Condensed Matter Seminar - Designing Non-Equilibrium Functionalities in Quantum Materials Using Light
Quantum materials are broadly distinguished by their unique macroscopic phases, which emerge as a result of electronic interactions across many length scales. These emergent phases lead to functionalities with enormous technological potential, such as high temperature, superconductivity and multiferroicity, but devising ways to manipulate their quantum behavior "on demand" for practical applications remains a major challenge. In this talk, I will describe a methodology to engineer materials properties dynamically with ultrashort light pulses, which results in non-equilibrium states that often cannot be achieved
otherwise. We use intense, tailored, THz-frequency excitation to drive ions in the crystal lattice to large amplitudes and exploit nonlinearities to steer the various degrees of freedom of the system. This approach provides a knob to tune electronic and magnetic interactions, break symmetries, and unlock new phases. I will highlight some recent experiments demonstrating the ability to optically control, enhance, and induce magnetism and ferroelectricity in complex oxides. Interestingly, the ultrafast dynamics of these driven systems gives way, in some cases, to metastable light-induced states persisting for "ultralong" times, which form even well above the equilibrium ordering temperature. Finally,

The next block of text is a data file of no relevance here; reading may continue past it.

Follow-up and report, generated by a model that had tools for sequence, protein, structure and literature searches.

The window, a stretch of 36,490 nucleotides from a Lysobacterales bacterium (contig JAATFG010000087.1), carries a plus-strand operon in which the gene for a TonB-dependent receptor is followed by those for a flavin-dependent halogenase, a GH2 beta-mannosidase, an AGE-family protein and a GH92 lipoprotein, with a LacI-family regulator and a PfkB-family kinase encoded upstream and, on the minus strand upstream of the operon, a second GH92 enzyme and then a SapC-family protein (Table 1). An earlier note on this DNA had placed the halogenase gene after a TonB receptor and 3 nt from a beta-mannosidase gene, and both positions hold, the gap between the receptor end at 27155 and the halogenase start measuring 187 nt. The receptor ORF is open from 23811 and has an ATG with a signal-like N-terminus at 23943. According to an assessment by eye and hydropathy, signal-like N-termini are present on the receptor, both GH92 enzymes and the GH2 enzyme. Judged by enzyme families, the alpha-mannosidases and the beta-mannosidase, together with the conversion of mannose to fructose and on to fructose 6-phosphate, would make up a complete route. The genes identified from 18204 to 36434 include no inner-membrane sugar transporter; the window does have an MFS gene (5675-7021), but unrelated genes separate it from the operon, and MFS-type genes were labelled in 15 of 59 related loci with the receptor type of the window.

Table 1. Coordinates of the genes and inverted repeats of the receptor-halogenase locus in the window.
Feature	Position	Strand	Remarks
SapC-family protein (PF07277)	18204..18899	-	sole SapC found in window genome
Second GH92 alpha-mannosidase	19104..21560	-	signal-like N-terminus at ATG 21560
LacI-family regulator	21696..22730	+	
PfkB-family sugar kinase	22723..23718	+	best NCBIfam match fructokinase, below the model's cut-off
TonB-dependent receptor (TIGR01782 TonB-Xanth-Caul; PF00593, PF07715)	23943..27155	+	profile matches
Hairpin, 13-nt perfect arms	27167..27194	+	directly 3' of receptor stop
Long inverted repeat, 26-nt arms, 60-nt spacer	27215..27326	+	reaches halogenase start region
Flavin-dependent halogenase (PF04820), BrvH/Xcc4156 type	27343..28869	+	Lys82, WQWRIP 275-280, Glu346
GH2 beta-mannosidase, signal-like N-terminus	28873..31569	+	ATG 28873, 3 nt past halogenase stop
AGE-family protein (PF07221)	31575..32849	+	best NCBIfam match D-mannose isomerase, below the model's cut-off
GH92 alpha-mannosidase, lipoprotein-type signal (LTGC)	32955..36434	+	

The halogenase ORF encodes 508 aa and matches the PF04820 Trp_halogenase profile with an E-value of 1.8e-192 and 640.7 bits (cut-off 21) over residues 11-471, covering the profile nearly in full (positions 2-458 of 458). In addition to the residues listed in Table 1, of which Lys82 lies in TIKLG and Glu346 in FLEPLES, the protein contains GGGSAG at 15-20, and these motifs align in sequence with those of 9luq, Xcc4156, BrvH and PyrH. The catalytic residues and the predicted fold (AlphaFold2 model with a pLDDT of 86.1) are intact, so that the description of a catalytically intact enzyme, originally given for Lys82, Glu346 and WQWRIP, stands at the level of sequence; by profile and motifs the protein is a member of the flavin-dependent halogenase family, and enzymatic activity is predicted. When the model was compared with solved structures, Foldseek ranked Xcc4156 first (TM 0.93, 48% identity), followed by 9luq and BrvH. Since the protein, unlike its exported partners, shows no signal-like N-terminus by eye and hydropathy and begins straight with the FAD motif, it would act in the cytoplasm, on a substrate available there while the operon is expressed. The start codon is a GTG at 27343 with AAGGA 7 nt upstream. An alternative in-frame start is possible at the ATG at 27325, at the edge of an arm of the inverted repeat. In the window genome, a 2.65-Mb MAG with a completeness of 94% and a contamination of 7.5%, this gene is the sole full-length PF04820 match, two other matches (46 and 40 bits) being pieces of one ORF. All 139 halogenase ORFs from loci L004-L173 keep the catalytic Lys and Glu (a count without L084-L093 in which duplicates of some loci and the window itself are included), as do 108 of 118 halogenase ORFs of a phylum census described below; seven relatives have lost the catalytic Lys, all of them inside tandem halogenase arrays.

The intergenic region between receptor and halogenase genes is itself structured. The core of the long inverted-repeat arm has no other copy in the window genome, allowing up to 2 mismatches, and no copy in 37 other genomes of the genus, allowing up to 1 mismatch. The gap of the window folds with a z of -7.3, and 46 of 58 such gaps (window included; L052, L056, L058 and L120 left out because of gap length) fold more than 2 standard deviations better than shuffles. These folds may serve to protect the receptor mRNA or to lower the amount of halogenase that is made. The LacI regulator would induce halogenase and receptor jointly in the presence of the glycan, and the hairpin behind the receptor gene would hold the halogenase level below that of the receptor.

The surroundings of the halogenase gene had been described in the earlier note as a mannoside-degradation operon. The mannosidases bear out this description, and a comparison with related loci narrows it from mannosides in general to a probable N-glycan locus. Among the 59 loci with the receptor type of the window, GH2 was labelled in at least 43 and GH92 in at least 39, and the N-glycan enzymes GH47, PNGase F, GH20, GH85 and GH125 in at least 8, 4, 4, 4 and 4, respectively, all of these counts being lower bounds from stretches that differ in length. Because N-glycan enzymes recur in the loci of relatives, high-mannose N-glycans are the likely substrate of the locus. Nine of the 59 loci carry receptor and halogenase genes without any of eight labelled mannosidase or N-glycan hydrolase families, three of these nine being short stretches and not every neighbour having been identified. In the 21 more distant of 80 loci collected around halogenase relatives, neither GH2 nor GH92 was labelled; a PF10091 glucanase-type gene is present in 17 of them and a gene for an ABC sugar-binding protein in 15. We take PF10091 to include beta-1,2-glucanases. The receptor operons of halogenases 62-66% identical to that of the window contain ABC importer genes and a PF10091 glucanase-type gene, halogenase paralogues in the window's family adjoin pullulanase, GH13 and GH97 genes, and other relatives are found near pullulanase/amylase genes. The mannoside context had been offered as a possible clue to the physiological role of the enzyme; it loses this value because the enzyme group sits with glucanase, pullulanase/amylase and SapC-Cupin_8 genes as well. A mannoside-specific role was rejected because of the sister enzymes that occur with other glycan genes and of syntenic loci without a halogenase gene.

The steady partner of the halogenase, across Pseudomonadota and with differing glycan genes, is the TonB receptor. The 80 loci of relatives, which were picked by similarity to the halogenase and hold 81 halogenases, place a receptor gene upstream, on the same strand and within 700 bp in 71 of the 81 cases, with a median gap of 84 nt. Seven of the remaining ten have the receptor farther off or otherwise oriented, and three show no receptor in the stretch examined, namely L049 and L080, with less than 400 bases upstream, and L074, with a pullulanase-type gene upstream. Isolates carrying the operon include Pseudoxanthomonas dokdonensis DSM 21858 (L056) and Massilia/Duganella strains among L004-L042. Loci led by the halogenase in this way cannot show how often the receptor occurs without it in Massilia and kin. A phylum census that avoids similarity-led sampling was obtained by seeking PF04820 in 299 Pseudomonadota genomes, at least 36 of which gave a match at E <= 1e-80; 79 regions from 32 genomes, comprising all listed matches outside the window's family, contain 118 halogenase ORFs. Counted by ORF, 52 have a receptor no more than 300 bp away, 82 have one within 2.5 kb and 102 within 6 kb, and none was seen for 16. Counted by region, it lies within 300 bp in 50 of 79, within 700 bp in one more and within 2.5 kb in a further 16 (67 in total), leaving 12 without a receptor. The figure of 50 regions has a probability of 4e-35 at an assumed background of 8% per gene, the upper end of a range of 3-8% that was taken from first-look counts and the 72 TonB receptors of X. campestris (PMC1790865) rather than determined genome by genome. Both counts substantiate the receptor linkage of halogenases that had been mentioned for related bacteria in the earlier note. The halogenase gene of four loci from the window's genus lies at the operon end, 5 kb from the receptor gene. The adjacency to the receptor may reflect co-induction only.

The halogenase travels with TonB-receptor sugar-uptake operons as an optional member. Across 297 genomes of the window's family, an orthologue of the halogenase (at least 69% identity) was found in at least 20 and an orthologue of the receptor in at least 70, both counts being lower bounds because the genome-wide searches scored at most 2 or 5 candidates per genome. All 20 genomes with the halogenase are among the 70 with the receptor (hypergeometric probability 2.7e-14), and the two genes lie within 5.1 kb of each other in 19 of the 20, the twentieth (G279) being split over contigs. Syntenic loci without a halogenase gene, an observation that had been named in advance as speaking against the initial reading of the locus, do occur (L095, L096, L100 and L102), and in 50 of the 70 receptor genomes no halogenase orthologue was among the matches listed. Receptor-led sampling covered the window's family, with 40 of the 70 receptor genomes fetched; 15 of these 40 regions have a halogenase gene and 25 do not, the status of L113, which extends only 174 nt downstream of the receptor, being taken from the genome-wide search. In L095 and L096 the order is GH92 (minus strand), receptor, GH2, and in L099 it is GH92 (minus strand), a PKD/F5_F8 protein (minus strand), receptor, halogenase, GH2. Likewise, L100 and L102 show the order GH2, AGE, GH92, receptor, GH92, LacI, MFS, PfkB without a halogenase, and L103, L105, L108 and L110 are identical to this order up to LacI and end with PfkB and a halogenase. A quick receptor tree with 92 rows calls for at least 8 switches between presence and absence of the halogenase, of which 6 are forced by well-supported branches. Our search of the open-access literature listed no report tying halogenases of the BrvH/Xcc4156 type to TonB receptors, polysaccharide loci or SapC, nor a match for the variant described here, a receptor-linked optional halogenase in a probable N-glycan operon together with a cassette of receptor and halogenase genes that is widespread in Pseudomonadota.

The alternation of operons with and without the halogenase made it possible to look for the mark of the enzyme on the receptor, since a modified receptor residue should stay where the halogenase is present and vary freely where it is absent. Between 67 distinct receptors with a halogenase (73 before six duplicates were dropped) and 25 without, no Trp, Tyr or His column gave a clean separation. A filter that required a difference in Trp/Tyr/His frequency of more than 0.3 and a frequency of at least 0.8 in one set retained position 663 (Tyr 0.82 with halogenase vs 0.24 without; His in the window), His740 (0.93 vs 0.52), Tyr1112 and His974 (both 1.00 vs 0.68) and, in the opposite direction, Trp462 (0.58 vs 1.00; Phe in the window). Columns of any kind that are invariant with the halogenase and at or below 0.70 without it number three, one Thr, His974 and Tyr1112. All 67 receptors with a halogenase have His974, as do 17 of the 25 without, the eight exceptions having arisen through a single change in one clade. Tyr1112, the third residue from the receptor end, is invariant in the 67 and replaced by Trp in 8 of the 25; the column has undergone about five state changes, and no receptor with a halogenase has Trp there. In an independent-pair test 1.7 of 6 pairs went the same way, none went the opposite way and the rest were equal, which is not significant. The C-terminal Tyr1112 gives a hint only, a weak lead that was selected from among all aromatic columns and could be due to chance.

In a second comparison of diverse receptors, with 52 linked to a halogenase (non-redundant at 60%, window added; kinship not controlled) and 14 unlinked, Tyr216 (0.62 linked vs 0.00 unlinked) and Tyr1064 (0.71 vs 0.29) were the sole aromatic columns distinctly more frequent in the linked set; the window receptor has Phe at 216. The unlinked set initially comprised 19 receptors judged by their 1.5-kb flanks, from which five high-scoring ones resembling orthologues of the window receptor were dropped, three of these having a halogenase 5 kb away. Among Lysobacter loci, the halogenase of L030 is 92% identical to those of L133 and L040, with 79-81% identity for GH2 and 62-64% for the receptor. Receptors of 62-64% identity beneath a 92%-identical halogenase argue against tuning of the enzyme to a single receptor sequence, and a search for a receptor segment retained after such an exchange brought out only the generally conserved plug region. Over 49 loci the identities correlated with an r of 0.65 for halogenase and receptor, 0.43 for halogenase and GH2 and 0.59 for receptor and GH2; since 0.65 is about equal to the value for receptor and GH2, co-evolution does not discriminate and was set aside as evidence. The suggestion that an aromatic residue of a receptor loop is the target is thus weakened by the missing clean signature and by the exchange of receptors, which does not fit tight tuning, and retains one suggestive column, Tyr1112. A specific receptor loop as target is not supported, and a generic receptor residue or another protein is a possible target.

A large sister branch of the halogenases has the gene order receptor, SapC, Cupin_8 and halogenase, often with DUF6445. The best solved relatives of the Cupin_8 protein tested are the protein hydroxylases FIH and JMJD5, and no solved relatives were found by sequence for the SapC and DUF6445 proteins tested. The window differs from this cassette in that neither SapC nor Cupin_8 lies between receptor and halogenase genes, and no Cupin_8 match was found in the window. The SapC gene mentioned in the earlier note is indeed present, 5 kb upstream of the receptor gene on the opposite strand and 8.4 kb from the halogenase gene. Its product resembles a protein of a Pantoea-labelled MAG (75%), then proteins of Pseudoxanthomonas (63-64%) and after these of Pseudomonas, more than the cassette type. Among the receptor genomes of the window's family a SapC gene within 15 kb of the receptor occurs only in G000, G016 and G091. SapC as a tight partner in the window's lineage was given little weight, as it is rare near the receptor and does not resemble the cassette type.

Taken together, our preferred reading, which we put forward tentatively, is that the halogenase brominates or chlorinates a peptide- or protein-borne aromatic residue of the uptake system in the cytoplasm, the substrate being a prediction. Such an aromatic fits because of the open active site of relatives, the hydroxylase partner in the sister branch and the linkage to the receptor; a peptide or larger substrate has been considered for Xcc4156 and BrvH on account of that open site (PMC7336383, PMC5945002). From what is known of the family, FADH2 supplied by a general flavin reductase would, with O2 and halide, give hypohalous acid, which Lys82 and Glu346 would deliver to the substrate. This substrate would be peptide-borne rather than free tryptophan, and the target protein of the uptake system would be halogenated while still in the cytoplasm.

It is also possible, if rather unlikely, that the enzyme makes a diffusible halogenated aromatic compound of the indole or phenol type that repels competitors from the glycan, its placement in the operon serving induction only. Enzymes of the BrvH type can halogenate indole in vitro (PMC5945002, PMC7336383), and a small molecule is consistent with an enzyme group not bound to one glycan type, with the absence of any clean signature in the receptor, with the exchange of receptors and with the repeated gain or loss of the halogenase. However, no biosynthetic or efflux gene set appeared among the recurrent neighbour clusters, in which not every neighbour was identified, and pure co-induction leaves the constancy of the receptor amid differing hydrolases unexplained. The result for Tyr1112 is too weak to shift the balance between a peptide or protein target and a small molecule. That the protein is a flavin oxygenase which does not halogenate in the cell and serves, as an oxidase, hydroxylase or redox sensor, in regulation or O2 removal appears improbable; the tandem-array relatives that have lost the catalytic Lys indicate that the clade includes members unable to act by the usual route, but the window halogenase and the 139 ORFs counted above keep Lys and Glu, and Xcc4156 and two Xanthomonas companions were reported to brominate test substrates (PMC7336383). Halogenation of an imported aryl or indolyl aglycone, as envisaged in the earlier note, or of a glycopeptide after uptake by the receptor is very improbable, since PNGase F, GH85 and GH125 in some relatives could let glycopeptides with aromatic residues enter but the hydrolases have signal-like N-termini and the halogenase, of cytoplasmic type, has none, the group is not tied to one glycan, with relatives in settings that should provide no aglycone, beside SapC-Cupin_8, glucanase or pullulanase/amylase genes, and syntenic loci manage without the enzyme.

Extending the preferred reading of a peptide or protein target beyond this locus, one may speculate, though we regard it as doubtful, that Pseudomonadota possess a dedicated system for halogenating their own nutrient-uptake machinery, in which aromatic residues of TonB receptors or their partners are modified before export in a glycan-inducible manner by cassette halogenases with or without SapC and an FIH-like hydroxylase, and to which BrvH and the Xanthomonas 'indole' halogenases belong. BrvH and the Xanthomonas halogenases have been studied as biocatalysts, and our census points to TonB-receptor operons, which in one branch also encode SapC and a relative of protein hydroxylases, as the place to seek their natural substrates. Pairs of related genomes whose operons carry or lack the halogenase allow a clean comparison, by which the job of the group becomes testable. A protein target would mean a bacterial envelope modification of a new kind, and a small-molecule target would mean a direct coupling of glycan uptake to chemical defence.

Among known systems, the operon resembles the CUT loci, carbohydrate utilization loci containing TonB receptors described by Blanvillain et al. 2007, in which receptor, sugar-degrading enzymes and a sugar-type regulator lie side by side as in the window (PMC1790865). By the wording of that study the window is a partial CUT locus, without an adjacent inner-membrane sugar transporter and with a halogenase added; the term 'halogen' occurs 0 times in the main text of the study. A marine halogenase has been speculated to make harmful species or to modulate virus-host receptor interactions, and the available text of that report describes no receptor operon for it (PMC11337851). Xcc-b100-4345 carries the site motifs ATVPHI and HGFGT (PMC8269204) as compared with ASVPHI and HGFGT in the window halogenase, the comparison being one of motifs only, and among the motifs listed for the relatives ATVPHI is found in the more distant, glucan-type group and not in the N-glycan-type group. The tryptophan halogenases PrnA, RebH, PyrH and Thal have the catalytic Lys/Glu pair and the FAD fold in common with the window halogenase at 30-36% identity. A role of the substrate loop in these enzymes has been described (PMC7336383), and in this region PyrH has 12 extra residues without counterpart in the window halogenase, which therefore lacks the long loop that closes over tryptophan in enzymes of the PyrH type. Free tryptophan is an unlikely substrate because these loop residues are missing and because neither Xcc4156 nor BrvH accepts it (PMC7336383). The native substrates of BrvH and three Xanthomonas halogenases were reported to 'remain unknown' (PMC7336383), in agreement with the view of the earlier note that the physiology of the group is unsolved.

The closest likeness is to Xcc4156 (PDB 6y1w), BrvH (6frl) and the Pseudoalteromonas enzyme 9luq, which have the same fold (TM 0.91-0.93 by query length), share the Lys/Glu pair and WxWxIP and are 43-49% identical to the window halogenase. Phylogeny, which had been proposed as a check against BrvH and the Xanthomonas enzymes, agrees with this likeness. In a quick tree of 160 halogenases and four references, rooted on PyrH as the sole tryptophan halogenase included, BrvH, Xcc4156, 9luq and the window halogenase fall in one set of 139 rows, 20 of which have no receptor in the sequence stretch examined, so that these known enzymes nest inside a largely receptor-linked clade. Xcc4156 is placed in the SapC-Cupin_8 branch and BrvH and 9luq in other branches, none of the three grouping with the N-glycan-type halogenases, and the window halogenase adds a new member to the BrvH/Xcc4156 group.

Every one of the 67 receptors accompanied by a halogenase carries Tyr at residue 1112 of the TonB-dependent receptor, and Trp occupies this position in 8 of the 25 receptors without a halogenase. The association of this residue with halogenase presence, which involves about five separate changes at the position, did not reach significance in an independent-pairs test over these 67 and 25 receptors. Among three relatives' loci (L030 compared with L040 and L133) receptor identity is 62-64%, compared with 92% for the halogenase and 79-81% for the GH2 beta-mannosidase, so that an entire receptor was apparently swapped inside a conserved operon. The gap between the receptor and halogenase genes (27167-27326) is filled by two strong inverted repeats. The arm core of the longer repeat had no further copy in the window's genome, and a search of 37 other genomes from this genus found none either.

I will touch upon our current efforts of integrating atomic layer materials synthesis to enable the rational design of non-equilibrium functionalities for next-generation quantum and ultrafast technologies.